Two Singapore universities have set up a SG$23 million ($17.39 million) research fund to develop sustainable cooling technologies for data centres operating in tropical locations. The initiative will include a testbed facility that is slated to be up and running this October.
Jointly led by National University of Singapore (NUS) and Nanyang Technological University (NTU), the programme is funded by Singapore's National Research Foundation (NRF) as well as Facebook. Five other industry players also are participating in the initiative including Keppel Data Centres, Ascenix, and Red Dot Analytics. Key government agencies in Singapore also would provide feedback on the research conducted.
The testbed would provide a platform for researchers and industry players to collaborate, the universities said in a statement Wednesday. Energy-efficient cooling technologies would be developed and demonstrated at the facility, they added.
They noted the need to do so as increasing digitalisation continued to drive demand for data centres, which currently were air-cooled at temperatures between 23 degrees and 27 degrees. These facilities also required ambient humidity to be maintained between 50% and 60%.
Doing so in tropical climates such as Singapore's consumed more power, which drove up costs and carbon emissions.
With Singapore home to 60% of data centres in Southeast Asia, almost 7% of the country's total energy requirements went towards powering these facilities. This number was expected to hit 12% by 2030.
Pointing to these stats, the universities underscored the need to cut power consumption and carbon footprint by "packing more computing power within the same floor area". Better solutions to sustain the cooling demands of data centres also needed to be developed.
To be located at NUS' Kent Ridge campus, the "full-scale" testbed datacentre facility would be equipped with equipment such as a desiccant-coated heat exchanger design and StatePoint Liquid Cooling System (SPLC). Developed by Nortek Air Solutions alongside Facebook, the SPLC was touted to enable data centres to operate more efficiently in tropical locations.
Chip-based hybrid cooling technologies also would be adopted to cool servers, while artificial intelligence (AI) would be tapped to manage operations. Collectively, these aimed to enhance the efficiencies of water and power consumption in data centre equipment in the long run.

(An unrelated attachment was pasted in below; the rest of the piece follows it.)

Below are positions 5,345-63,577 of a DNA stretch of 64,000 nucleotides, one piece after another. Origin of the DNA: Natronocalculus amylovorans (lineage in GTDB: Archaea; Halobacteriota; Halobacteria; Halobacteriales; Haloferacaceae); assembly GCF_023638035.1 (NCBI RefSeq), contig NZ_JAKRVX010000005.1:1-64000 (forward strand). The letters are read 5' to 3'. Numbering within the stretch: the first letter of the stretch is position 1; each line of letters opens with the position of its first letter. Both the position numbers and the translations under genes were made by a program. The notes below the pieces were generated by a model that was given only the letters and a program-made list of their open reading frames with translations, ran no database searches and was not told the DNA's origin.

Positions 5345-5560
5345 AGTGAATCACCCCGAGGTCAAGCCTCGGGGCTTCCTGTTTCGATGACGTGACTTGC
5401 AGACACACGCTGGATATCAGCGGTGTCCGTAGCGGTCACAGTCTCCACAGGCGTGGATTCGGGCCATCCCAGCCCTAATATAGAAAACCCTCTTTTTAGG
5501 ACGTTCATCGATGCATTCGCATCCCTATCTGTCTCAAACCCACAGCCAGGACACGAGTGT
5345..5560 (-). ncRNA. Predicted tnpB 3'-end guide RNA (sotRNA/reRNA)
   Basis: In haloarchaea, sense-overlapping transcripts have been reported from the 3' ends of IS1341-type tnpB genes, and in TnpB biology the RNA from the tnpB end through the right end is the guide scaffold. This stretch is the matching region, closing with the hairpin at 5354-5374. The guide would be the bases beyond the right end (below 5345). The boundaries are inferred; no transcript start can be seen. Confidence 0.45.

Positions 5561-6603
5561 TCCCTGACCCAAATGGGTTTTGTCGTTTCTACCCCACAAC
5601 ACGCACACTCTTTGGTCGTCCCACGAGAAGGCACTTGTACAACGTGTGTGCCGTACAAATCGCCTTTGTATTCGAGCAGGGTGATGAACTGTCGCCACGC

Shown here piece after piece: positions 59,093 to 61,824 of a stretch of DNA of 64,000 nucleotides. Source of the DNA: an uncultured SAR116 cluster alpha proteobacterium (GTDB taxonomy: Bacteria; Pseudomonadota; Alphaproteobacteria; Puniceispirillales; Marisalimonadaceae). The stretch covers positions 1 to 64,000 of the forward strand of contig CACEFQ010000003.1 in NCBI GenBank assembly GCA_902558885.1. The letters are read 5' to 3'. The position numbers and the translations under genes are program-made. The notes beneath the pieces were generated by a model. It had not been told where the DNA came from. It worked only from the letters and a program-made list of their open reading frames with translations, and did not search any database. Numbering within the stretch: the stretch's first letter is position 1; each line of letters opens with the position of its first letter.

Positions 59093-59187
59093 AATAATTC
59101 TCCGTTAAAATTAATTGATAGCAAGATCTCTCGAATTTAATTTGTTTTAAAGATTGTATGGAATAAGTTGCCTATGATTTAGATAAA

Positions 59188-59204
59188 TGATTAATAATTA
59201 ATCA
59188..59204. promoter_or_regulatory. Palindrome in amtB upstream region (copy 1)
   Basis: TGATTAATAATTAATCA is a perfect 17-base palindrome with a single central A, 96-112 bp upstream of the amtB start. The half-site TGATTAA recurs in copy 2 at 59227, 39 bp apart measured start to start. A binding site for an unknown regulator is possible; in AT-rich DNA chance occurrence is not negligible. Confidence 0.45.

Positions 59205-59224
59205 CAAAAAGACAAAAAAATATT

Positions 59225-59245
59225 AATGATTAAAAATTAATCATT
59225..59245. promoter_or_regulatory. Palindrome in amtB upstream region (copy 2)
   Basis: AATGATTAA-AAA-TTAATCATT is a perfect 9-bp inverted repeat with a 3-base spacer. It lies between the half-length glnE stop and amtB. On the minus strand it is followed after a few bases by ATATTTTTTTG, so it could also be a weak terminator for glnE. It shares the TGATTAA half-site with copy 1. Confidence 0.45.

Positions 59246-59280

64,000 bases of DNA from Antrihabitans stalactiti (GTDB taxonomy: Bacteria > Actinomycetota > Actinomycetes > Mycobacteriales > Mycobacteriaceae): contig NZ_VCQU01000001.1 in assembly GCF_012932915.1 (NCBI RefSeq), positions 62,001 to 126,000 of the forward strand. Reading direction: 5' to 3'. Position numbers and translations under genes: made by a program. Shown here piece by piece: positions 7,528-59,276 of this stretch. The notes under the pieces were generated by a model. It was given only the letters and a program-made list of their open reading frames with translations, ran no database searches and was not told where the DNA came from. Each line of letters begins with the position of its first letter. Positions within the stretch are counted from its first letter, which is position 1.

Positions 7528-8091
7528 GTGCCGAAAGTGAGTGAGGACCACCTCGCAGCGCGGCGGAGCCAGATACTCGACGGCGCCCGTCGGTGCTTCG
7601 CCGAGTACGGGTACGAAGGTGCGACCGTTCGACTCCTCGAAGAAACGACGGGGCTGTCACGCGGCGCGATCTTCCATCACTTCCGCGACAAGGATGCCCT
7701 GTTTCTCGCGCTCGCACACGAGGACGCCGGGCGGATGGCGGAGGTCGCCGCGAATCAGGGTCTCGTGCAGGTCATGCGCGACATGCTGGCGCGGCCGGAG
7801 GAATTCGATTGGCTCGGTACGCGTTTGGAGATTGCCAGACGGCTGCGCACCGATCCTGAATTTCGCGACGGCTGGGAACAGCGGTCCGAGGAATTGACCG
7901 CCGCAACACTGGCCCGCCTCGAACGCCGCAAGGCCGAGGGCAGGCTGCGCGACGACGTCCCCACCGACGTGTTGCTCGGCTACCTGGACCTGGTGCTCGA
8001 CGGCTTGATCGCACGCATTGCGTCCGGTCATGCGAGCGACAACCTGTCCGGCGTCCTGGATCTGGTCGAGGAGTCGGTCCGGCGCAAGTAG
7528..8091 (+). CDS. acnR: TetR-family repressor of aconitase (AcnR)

The testbed also would allow potential operational risks of conceptual technologies to be identified, the universities said, adding that four technologies currently were under research at the Sustainable Tropical Data Centre Testbed. These included raising air-cooling temperatures and relative humidity levels while maintaining the performance and resilience of datacentre equipment.
Another research project would assess a heat sink design that integrated both air and liquid cooling technologies in a single chip, eliminating the need for connectors and ducts. This aimed to evaluate alternative air-cooling solutions during water-loop maintenance, so server downtime could be reduced.
The testbed also would look at cooling technologies that were digitalised to allow real-time monitoring and AI-based optimisation. When deployed successfully, these capabilities could potentially cut energy consumption and slash greenhouse gas emissions by up to 25%, compared to datacentre deployments that were traditionally air-cooled. If adopted across all tropical markets, they could slash energy consumption within the data centre industry by at least 40%.
The testbed also would look to provide operating guidelines and establish new standards, based on its research findings, for sustainable datacentre operations.
NRF CEO Low Teck Seng said: "Data centres are the backbone of the digital economy and they require constant cooling for optimal operations. The new [testbed] will accelerate the development and testbedding of innovative and sustainable solutions for data centres, towards commercial deployment."